Florida Lawyer Web Site Requirements – Making the World Safer

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Update:  The Florida Bar has released new advertising rules.  Please visit our blog posts on the subject here:

As the Florida Bar News reports, this past Fall, the “Special” Committee on Website Advertising proposed requiring all lawyer web sites to comply with all Bar substantive advertising rules. What does this mean for Florida lawyers?

A Rule is Born . . .
The original rule change stated that web sites should be treated as normal advertising. This meant that lawyers could not put testimonials and past results on their web site. In addition, they would have to file a copy of each web site with the Florida Bar (including, presumably, each update of the site). Yikes! As you imagine that was a drastic change and caused a stir.

The Rule is Modified . . . Sorta
So at a January meeting an alternative was proposed: That a home page should comply with all bar rules, but that a visitor could take a specific action to reach the inside pages (usually known as sub pages) of their web site and find more information. A specific action? What does that mean?

I like Action . . . Jackson
To a web designer, a specific action usually means that a user clicks on a menu item. Unless you are a monkey just clicking randomly on a site, a mouse click typically indicates that you want more information. Well, to the Florida Bar it seems that not all mouse clicks are created equal. The “Special” Committee would want visitors to do one of the following to indicate a specific action:

1. Register and request a password;
2. Sign-up online; or
3. Click a button specifically requesting more information.

Well, those are certainly special actions. I would consider them almost e-special, or especially bad.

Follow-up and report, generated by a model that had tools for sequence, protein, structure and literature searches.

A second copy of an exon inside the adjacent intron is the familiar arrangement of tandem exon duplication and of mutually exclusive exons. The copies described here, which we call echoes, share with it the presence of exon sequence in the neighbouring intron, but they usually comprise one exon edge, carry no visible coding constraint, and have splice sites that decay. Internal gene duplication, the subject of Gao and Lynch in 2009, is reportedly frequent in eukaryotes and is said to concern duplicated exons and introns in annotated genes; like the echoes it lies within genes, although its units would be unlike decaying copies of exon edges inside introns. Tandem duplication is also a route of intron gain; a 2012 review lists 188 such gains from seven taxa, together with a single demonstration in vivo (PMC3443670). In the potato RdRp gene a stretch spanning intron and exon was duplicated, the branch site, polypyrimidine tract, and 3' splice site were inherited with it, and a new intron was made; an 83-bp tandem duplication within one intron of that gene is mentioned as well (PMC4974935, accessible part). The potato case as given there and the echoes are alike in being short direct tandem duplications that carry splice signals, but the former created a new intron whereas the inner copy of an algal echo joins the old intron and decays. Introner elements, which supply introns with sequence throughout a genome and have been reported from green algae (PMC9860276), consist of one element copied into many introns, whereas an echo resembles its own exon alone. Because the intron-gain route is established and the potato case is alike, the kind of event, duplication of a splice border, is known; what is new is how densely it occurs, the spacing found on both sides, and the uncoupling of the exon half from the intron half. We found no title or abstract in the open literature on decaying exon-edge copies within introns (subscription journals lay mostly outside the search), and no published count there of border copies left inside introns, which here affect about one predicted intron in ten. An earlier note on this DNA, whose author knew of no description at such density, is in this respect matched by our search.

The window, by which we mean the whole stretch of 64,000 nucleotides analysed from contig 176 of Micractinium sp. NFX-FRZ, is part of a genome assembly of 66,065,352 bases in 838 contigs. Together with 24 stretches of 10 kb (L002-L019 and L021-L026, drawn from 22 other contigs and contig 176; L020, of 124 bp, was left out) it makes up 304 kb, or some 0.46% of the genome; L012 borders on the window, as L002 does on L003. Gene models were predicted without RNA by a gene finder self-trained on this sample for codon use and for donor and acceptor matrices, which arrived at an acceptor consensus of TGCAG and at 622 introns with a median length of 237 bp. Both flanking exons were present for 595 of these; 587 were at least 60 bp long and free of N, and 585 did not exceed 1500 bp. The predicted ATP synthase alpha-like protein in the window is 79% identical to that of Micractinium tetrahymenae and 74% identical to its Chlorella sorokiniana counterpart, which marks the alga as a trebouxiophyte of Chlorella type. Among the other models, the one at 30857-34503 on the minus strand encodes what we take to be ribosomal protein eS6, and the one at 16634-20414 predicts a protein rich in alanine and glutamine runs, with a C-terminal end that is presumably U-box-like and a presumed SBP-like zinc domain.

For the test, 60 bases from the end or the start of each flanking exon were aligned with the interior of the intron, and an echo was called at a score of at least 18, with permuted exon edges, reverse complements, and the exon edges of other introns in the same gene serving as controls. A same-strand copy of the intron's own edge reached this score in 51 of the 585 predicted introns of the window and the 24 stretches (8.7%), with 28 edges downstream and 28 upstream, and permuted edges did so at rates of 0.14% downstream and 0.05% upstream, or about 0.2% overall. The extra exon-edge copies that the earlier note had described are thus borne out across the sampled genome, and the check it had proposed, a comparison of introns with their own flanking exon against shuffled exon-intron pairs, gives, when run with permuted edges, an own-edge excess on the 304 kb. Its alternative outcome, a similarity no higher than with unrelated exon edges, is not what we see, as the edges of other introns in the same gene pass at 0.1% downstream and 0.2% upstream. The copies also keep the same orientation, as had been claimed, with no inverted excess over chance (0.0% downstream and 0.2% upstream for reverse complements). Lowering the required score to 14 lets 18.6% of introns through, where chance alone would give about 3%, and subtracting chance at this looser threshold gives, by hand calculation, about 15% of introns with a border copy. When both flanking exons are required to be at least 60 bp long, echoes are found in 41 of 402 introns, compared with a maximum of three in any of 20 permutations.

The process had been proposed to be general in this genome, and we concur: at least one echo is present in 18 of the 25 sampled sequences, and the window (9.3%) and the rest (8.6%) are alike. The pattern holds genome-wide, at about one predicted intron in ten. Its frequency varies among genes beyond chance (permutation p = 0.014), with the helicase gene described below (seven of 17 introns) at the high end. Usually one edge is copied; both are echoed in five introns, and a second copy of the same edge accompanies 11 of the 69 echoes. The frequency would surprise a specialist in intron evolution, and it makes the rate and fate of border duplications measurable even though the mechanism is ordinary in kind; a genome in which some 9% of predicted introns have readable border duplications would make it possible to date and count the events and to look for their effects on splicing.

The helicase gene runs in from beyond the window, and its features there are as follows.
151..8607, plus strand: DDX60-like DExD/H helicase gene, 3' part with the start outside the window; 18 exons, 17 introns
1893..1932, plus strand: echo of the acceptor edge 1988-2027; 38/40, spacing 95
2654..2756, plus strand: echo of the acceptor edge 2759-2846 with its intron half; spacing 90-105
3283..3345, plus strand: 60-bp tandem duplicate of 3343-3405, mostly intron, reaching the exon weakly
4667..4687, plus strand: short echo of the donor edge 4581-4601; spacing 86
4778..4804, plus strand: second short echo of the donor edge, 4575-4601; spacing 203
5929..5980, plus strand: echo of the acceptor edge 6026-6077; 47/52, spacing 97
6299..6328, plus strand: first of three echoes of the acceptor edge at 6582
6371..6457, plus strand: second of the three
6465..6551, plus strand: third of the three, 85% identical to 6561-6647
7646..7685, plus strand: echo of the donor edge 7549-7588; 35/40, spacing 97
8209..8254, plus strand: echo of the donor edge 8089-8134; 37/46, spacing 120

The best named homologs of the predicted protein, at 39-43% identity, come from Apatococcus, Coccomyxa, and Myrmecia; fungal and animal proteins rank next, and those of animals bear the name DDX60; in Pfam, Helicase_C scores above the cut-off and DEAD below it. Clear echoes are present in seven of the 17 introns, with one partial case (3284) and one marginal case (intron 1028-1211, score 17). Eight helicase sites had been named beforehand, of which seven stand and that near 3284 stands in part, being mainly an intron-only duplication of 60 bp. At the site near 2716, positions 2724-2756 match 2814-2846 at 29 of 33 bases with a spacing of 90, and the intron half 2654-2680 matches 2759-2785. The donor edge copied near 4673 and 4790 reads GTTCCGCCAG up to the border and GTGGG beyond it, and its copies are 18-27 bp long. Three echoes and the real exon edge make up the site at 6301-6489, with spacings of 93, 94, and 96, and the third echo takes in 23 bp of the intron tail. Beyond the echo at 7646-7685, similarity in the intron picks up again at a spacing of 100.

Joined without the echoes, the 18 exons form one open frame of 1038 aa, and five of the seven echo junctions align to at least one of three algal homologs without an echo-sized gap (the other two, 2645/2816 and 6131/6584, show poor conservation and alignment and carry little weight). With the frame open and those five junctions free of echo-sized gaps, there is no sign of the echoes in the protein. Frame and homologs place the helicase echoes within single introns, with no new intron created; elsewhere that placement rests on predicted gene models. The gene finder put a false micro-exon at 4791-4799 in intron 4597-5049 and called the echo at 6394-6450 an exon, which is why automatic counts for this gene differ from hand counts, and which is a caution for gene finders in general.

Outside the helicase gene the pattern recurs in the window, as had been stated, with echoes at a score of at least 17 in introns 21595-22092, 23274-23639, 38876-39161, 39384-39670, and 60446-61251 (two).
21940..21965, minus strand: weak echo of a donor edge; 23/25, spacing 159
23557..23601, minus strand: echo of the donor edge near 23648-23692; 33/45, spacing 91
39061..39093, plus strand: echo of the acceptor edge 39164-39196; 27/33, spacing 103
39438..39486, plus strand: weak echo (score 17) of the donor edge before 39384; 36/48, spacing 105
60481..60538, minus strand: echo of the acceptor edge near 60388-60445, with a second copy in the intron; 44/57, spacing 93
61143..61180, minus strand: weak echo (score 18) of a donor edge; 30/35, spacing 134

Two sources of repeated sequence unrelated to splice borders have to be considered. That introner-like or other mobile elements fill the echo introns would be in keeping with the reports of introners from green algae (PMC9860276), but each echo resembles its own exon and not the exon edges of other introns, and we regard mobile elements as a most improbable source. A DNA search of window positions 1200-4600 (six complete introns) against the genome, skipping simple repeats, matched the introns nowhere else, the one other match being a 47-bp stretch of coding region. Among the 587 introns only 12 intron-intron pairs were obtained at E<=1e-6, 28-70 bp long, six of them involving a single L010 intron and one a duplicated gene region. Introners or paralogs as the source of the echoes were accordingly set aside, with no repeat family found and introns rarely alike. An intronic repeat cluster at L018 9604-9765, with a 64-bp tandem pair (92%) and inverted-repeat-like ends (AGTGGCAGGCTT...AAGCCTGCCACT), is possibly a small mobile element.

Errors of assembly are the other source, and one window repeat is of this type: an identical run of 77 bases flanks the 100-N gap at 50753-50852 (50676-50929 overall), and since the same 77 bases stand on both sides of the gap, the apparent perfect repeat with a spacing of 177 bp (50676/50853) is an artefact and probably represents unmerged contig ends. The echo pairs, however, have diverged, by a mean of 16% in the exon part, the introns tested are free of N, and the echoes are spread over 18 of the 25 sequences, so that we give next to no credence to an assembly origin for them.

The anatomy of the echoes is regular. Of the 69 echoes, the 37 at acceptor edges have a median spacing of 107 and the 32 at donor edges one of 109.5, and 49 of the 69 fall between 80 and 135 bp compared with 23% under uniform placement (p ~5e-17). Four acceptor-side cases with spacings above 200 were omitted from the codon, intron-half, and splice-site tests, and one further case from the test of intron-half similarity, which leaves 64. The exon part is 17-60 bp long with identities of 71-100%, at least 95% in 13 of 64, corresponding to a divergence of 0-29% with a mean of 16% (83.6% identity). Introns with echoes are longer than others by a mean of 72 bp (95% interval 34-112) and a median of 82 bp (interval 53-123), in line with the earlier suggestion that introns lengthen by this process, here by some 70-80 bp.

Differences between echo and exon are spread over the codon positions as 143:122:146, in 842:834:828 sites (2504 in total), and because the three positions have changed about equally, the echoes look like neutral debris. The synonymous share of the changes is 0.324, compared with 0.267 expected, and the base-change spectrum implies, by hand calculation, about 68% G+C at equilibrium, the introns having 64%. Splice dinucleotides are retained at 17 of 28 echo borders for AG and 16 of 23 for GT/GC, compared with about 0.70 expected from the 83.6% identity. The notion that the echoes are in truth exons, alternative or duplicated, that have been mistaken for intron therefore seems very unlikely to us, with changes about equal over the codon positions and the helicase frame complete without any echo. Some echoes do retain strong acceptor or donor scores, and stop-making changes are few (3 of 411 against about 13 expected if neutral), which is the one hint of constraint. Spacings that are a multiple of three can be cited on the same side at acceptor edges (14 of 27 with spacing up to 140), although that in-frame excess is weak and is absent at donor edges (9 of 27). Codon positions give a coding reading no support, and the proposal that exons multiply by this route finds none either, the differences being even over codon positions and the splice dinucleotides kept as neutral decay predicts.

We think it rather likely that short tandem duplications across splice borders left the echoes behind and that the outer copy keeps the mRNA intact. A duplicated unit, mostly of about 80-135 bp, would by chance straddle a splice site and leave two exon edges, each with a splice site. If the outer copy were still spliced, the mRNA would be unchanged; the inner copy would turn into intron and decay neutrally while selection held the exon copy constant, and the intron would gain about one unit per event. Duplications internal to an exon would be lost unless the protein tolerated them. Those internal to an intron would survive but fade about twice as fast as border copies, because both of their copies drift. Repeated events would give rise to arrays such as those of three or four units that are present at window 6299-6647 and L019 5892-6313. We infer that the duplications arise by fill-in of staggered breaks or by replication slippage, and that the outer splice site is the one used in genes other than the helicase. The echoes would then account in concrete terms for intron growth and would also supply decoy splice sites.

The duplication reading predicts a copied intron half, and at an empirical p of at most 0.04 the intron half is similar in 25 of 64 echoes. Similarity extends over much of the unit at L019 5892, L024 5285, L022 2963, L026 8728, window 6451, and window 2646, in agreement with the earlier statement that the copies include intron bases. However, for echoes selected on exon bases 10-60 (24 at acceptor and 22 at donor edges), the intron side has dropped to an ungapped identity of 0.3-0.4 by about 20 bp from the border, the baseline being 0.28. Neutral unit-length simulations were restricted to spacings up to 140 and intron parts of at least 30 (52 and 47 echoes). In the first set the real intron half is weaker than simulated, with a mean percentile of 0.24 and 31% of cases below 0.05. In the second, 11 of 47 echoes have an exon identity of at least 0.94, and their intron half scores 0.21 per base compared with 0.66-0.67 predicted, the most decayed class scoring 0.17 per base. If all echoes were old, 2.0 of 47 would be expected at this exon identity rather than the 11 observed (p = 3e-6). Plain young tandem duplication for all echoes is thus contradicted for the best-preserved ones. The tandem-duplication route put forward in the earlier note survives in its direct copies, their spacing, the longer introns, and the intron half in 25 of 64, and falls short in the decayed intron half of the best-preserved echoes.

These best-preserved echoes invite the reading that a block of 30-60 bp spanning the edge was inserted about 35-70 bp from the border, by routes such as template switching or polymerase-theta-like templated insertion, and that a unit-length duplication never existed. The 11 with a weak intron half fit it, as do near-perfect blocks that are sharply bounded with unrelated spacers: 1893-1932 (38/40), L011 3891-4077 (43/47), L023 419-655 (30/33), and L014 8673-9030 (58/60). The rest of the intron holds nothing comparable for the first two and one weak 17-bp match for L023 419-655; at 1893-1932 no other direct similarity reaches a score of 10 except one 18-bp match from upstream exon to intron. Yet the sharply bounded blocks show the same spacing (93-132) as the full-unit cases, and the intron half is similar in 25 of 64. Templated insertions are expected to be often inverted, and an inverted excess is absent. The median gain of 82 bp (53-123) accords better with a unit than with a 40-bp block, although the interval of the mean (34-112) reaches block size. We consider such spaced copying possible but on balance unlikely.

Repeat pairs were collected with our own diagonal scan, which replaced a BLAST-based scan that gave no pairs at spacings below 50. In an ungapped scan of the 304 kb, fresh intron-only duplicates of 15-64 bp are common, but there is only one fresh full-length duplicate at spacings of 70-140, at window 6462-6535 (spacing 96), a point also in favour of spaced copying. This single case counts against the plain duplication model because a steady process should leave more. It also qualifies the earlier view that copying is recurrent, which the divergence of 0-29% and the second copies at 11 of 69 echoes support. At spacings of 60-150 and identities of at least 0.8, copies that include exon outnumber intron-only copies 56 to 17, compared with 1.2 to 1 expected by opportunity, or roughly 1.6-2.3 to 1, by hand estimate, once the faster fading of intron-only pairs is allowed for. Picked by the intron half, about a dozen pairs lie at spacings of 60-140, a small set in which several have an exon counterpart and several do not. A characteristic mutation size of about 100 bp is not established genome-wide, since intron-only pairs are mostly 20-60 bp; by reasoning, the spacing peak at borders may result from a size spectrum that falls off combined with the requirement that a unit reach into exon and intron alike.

A Compromise is Reached
At the same meeting, the Dade County board delegation offered another suggestion. They offered the compromise that home pages would be required to comply with all general Florida Bar advertising rules, except the filing requirements. On subpages, lawyers can now post all the verifiable information they want. This compromise passed and is now up for comment.We’ll here are my comments as a Florida lawyer and web designer.

Lawyers Need an Education
Seriously, who is making these decisions and recommendations? Have they ever designed a web site? Do they know the difference between html, css, php, asp, email, seo, ppc or ftp? Do they have a web site? Do they even use the Internet?

Oh No, There are Search Engines!
The Florida Bar fails to realize that there is a web site called Google. Google indexes not only the home page, but all sub pages on the web site. When Google returns its results, it points the user to the most relevant results, whether it is a home page, sub page, or that 1994 High School graduation picture that you have tried to destroy for all these years. So if the user is searching for “Florida Estate Planning Lawyer,” it may take the user to any number of pages on a lawyer’s web site, not just the home page. So this means that new visitors could reach those pesky testimonials or verdict pages first, thereby bypassing the home page. Oh No! I guess they did not think about that.